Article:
assign tclken = clken | Testmode;
assign clken = clk & tclken;
always @ (posedge clknet);
Derived set and reset signals also require test consideration since if a set or reset became active during a scan shift operation, then data being scanned in or scanned out could be corrupted. The end result could be bad chips passing or good chips failing. In either case, there is a significant problem. The code fragment below illustrates a simple example of a flip-flop that is reset with an internally generated signal.
always @ (posedge clk or negedge derived_reset);
if (!derived_reset) q <= 1'b0;
else q <= data;
From a test perspective, the internally generated reset should be disabled by a test mode signal as illustrated below:
assign tmreset = derived_reset | test_shift;
always @ (posedge clk or negedge tmreset);
if (tmreset) q <= 1'b0;
else q <= data;
These two examples, while appearing on the surface to be easy changes for any RTL designer to make, are just the tip of the iceberg. There are so many rules that need to be remembered that even the most experienced design teams have trouble spotting them all. Therefore, many companies conduct lengthy RTL code reviews, allowing experienced designers to oversee all of the code for a project. Unfortunately, even code reviews are no guarantee that everything will be noticed.
The reality: there may be hundreds of design files that make up a design so that the symptom of a problem -- a flip-flop that does not qualify for scan replacement, for example -- may be substantially removed from the actual cause or the best way to fix the problem.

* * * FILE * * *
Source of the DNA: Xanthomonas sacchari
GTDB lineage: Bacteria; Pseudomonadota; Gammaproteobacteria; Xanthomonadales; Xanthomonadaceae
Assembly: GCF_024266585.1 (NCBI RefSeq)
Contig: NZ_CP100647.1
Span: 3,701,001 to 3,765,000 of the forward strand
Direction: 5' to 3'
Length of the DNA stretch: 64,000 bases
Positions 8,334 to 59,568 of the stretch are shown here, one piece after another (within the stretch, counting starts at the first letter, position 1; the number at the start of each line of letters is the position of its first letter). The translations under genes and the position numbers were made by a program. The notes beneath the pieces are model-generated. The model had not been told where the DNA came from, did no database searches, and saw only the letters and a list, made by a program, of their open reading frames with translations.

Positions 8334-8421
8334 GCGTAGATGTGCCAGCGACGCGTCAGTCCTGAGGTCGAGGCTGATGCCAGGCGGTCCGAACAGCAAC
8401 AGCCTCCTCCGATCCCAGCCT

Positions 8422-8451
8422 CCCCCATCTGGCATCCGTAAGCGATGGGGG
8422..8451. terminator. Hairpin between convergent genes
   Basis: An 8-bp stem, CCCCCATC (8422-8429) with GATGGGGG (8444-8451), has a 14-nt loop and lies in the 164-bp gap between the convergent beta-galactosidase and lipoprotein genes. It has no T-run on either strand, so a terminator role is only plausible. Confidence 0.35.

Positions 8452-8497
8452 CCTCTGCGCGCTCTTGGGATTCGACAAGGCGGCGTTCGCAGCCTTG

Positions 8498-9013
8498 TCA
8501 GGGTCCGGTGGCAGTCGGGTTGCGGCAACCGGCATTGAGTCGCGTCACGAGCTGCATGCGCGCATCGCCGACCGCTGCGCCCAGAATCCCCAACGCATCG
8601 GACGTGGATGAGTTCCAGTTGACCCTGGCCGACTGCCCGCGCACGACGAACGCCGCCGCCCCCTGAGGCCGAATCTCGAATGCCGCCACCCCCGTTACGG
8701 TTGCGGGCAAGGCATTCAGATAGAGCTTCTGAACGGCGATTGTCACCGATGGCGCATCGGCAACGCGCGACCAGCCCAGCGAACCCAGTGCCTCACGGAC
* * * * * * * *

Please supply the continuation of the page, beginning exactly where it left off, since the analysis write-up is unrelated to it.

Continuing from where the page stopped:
With tough schedules and conflicting system requirements yet to be solved, the RTL designer is not motivated to tackle the DFT issues. Especially since the payoff for DFT changes are not so obvious. But, a commonly used metric, test coverage, is now available at the RT level to give very graphic evidence of the effect of even small changes to a design.
The objective of a test coverage estimate is to provide quick, but sufficiently accurate estimation of the test coverage that commercial ATPG tools will eventually provide much later in the design flow.
The ATPG tool is designed to target a pin stuck at a specific value (0 or 1) and then accomplish both the exercise and the propagate tasks. Whether or not the ATPG completes both tasks for a particular pin stuck at either 0 or 1 so that the necessary conditions can simultaneously exist, the stuck at fault is declared detected.